Numerous ethnic and caste groups live in the middle hills and valleys. Among them are the Magars, Gurungs, Tamangs, Sunuwars, Newars, Thakalis, Chepangs, Brahmans, Chhetris and Thakuris. There are also occupational castes namely: Damai (tailor), Sarki (cobbler), Kami (blacksmith) and Sunar (goldsmiths). [Source: Nepal Tourism Board welcomenepal.com ]

Peoples inhabiting the medium and low hills south of the high mountains — particularly the Gurung, Magar, Tamang, Rai, and Limbu groups — have traditionally depended on farming and herding in relatively equal amounts because their environment was relatively more suitable for agriculture. Among these groups, the Gurung, Magar, and Rai historically have supplied the bulk of the famous Gurkha contingents to the British and Indian armies, although their ranks have been augmented from the Thakuri and Chhetri castes of the Indo-Nepalese Paharis. The term Gurkha was derived from the name of the former principality of Gorkha, about seventy kilometers west of Kathmandu, and was not an ethnic designation. [Source: Andrea Matles Savada, Library of Congress, 1991 *]

Caste groups found mainly in the hilly region include the Kamis (smiths), Damais (tailors), Dhibis (washerman) Sarkis (cobblers), Gaines (professional singers) and Khumbharas (porters). The origin of these castes has not been investigated yet by the anthropologists. Hinduism is their major religion and Nepali their major language. Many have their own local festivals and practices. [Source: visitnepal.com ]

The Sunwars, Jirels, Chepangs, Kusundas and Panchgaule (five villages) are minor ethnic groups that live in midland hill regions. Sunwars are Jirels are considered to be offshoots of Magars. Panchgaule are similar to Thakalis. Kusundas still live in primitive conditions. They live in caves, under trees and in temporary huts in the forest. Only a handful of them are settled into occupational farming.

Groups of the Middle Hills

Chhetris and Brahman and are the two largest groups in Nepal. They are distributed in scattered patterns all over the country and are caste groups — the two highest castes in Nepal — rather than ethnic groups. They have sharp Indo-Aryan features and an olive complexion. Brahmans are believed to have migrated from India while Chhetris are relatives of the present day Khasa people from Khasi. These people follow Hinduism and socially have many sects. They are divided into two major groupings: the Purba and Umai. The Kumain people are from Kumo in Uttar Pradesh, northern India. They practice Hinduism and speak Nepali, the national language of Nepal and use a script derived from Sanskrit. [Source: visitnepal.com ]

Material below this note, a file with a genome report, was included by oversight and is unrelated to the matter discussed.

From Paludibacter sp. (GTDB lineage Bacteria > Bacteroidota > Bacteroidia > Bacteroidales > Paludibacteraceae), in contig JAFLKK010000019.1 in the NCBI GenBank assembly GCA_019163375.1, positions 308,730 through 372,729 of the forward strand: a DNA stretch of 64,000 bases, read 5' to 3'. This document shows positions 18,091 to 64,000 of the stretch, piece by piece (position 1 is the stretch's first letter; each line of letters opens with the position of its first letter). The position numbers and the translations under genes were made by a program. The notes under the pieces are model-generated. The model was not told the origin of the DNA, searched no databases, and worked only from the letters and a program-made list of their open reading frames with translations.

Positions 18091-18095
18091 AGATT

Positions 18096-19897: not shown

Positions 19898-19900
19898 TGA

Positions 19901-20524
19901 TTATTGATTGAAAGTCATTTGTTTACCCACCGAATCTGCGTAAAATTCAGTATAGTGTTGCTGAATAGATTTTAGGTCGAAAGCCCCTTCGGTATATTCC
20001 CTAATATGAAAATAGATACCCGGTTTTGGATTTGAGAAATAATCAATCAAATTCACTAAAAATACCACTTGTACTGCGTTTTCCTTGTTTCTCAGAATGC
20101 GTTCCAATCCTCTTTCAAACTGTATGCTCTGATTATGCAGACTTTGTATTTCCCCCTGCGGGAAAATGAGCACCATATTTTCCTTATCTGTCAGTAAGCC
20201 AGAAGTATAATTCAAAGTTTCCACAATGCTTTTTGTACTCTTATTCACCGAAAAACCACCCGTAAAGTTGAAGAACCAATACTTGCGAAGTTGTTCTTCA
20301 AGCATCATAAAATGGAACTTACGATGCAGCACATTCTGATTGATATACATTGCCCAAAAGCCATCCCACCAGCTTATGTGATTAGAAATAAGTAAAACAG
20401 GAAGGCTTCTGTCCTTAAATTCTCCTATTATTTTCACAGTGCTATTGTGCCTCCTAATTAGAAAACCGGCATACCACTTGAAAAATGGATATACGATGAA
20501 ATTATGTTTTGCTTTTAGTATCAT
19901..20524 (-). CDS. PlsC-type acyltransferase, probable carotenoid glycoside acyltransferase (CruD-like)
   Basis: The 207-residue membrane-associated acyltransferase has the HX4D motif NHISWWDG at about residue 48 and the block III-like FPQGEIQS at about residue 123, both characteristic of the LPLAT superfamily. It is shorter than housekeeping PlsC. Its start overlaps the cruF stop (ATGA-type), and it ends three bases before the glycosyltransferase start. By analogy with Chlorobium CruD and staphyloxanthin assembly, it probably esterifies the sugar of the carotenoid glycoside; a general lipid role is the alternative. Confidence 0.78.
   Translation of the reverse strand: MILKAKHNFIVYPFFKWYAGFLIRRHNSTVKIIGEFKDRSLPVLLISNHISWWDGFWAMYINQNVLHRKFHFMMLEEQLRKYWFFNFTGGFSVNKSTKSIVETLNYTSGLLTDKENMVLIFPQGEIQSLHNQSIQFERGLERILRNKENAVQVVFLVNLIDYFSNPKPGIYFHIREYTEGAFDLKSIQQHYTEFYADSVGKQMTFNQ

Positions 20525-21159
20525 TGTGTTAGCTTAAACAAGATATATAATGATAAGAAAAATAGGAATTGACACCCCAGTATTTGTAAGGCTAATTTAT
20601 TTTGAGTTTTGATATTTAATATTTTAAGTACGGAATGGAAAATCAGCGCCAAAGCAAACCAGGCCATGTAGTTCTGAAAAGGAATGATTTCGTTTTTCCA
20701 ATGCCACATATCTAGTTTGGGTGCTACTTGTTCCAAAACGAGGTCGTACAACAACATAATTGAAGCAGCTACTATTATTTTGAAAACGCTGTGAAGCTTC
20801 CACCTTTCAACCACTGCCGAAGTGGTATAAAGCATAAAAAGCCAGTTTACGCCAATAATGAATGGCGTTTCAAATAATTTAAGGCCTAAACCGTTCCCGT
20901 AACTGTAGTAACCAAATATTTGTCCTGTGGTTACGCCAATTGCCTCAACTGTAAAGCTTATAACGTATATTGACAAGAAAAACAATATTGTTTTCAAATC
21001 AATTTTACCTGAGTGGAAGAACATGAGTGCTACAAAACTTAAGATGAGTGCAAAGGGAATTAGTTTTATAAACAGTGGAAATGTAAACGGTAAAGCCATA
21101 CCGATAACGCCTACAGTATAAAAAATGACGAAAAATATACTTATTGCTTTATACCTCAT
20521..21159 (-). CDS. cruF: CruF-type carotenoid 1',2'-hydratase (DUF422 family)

Kirati mainly consists of the Rai and Limbu people. Rai or Limbu literally means “headman”. They are decendents of the Kirati's who first formed the kingdom in the Kathmandu Valley. They now mainly live in far eastern Nepal. Kirati people are well known for their courage and bravery and are often recruited into armies abroad like the more famous Gurkhas. The religious text of Limbu is the Mundhum.

Magars originated in the hill regions of western Nepal and are still associated with that area. They practice Tibetan Buddhism. Their language, Magar Kura, is a Tibeto-Burmese tongue. They embrace many aspects of Tibetan Buddhist culture. Farming, military service, weaving, hunting, and fishing are their major occupations.

Gurungs are famous for their bravery while serving in military forces and are the group most associated with the Gurkas. They are mostly settled along the higher slopes of the Annapurna areas and the Kali Gandaki river above the Baglung district. They are primarily rice and grain farmers and sheep herders. They are ethnically related to Magars, Thakalis and the Kiratis of eastern Nepal. The Gurung people love music and they have their own language.

Thakalis originate from Thok Khola, a high valley in central Nepal near the Muktinath region. They have Tibetan features, a fair complexion and narrow eyes. Thakalis are divided into four major groups: Gauchan, Tulachan, Sherchan and Bhattacan. Their religion is a mixture of Tibetan Buddhism, Hinduism and Jhankrism. They are known for their hospitality, salesmanship, and cleanliness.

Chepang is a small group that lives in the middle hills area of central Nepal and traditionally were hunters and gatherers. In recent decades most have turned to farming or some other way to feed and take care of themselves. They are regarded as primitive by other groups and are looked down upon and have been exploited, particularly by Brahman landowners and moneylenders. Chepangs, who are believed to be the offshoots of Kirats, are slowly moving into urban areas.


Pahari is a term that is used to refer to mountain dwelling people and is generally used to describe Indo-European-speaking peoples of the Himalayas in north India and Nepal. Among the groups that fall into this category are (from west to east): 1) the Churachi, Gaddi. Kinnaura and Sirmuri (all in Himachal Pradesh); and 2) Jaunsari, Garhwali and Kumauni (all in Uttar Pradesh). [Source: Encyclopedia of World Cultures: South Asia, edited by Paul Hockings, C.K. Hall & Company, 1992]

There are believed to be around 30 million Pahari: 10 million in Himachel Pradesh and Kashmir; 11 million in Uttra Pradesh; and 9 million in Nepal. The languages they speak—identified as Western Pahari, Central Pahari and Eastern Pahari (Nepalese)—are noticeably different than the languages spoken in the plains.